Surprising Ways Poor Accessibility Affects Mental Health

Contributed by: Jane Sandwood

Photo by Josh Appel on Unsplash

It is estimated that 132 million individuals need mobility assistance via wheelchair. With such a large amount of the population needing mobility help, one might think that wheelchair, walker, and electric scooters are always accommodated, but that’s unfortunately not the case. As a result of poor accessibility, some individuals that rely on the use of wheelchairs and motorized scooters often have additional mental health and wellness issues.

Loneliness and Isolation
It’s difficult to maintain mental wellness when you experience feelings of being left out. Even with innovative modern mobility devices, people with physical limitations often can’t participate in all of the same activities as someone with ‘normal’ physical mobility. A whopping 72% of adults that need mobility devices have experienced at least one barrier that prevented their access to a particular place. This leads to feelings of loneliness. In enduring more severe cases of inaccessibility (i.e. areas that are completely lacking in wheelchair ramps and other mobility-friendly accommodations), people may begin to feel isolated. This lack of interaction with others can even make them feel inferior as a result. When recent studies have suggested that loneliness actually rivals smoking and obesity as a health risk, it is critical for communities to prioritize accessibility when possible.

Severe Depression
With loneliness contributing significantly to increased risk for physical health issues, the subsequent mental difficulties are inevitable. Depression can stem from the feelings of isolation due to inaccessible environments or from coping with how the physical impairment itself affects self-image. Most often, though, it arises from a combination of both. Depression is characterized by persistent feelings of hopelessness, worthlessness, and sadness. While everyone experiences times of feeling down, clinical depression is typically long-term. Being consistently denied access to places weighs heavily on individuals with disabilities, generating feelings of hopelessness. Additionally, if the first episode of depression goes untreated as is often the case, there is a 50% chance of reoccurrence.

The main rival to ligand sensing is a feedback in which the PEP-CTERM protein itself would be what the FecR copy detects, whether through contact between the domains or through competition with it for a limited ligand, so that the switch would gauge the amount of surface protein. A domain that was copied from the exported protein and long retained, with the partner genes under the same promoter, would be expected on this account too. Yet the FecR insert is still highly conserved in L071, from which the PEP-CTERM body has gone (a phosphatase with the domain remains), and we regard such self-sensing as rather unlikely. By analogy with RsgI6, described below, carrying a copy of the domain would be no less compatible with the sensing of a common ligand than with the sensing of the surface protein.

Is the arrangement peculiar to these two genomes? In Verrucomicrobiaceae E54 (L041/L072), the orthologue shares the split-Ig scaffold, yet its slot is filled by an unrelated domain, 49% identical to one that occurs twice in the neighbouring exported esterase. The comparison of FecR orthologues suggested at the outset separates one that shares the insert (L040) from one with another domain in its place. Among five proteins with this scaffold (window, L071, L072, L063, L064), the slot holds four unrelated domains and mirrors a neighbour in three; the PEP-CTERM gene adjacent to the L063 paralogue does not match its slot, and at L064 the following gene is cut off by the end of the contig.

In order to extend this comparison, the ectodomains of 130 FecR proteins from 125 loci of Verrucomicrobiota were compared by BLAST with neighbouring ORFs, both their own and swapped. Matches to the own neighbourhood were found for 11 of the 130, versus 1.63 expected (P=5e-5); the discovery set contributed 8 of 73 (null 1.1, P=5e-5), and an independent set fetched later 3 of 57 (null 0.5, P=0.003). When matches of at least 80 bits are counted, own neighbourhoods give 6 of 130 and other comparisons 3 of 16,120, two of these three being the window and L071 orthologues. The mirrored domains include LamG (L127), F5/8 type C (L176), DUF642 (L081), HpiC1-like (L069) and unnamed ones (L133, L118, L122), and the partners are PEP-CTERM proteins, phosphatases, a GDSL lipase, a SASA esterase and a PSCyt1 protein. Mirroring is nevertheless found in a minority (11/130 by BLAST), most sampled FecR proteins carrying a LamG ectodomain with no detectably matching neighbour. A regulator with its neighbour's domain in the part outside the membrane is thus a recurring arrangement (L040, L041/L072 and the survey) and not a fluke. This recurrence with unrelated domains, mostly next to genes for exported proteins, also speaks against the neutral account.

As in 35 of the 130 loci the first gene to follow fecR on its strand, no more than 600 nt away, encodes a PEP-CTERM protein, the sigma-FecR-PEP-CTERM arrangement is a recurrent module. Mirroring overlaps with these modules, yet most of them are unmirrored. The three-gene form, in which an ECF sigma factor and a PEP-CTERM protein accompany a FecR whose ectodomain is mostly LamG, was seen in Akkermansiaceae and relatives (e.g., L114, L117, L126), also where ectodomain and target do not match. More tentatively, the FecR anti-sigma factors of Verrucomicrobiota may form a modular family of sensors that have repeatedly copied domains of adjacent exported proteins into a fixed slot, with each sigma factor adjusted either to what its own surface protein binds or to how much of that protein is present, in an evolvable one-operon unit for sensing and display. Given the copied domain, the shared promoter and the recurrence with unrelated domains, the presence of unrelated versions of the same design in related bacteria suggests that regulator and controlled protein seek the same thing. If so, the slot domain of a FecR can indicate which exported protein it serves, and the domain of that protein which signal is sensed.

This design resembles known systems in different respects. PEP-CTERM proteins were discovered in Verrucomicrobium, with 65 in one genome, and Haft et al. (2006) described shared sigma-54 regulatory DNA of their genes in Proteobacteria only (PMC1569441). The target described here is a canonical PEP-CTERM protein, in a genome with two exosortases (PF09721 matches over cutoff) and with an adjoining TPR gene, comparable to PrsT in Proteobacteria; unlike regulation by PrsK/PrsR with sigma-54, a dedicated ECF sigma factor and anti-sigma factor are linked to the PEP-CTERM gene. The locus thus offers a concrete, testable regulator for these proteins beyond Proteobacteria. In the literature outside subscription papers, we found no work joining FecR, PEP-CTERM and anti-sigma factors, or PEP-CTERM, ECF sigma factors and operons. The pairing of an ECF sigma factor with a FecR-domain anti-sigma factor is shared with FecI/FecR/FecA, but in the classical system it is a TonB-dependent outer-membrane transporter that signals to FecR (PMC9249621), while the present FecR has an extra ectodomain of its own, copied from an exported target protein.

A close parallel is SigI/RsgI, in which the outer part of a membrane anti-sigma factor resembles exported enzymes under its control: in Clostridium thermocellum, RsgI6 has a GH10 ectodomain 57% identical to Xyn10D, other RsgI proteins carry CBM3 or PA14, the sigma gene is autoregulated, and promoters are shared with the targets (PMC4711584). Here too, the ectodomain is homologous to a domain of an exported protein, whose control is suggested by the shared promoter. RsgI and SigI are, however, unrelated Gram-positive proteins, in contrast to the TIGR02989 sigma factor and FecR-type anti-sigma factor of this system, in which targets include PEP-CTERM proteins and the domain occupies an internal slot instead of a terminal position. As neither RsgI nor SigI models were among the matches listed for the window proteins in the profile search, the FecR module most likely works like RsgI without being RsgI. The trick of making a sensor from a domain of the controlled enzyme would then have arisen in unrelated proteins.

Lack of Livelihood
Being denied access to a leisure activity is rough enough, but when accessibility is a problem, it doesn’t just impact personal outings. This limitation also affects a person’s ability to work. Less than 20% of mobility device users are employed. While there are some programs available in some areas that provide subsidies, it is often not a livable amount. In 2016, the average SSDI income was $14,000 per year. This leaves people struggling to make ends meet. Financial hardship can also contribute to an increased risk of mental health issues. Moreover, the inability to work can contribute to (or cause) depression and anxiety. Work gives people a way to build community, share their passions, and connect with the world; it gives a sense of accomplishment and purpose. Without these things, and with an abundance of unused time on their hands, people begin to doubt their self-worth, and often feel useless. This adds more to their mental health difficulties and increases their risk for further complications, both mental and physical.

There is substantial scientific evidence that illustrates a strong connection between physical health and mental health. With that said, physical differences shouldn’t so gravely impact a person’s feelings of happiness and self-worth. Unfortunately that is the result when so many places are inaccessible when relying on mobility assistance. Being different can be difficult enough on its own, so it’s important to make our world as inclusive of everyone as possible.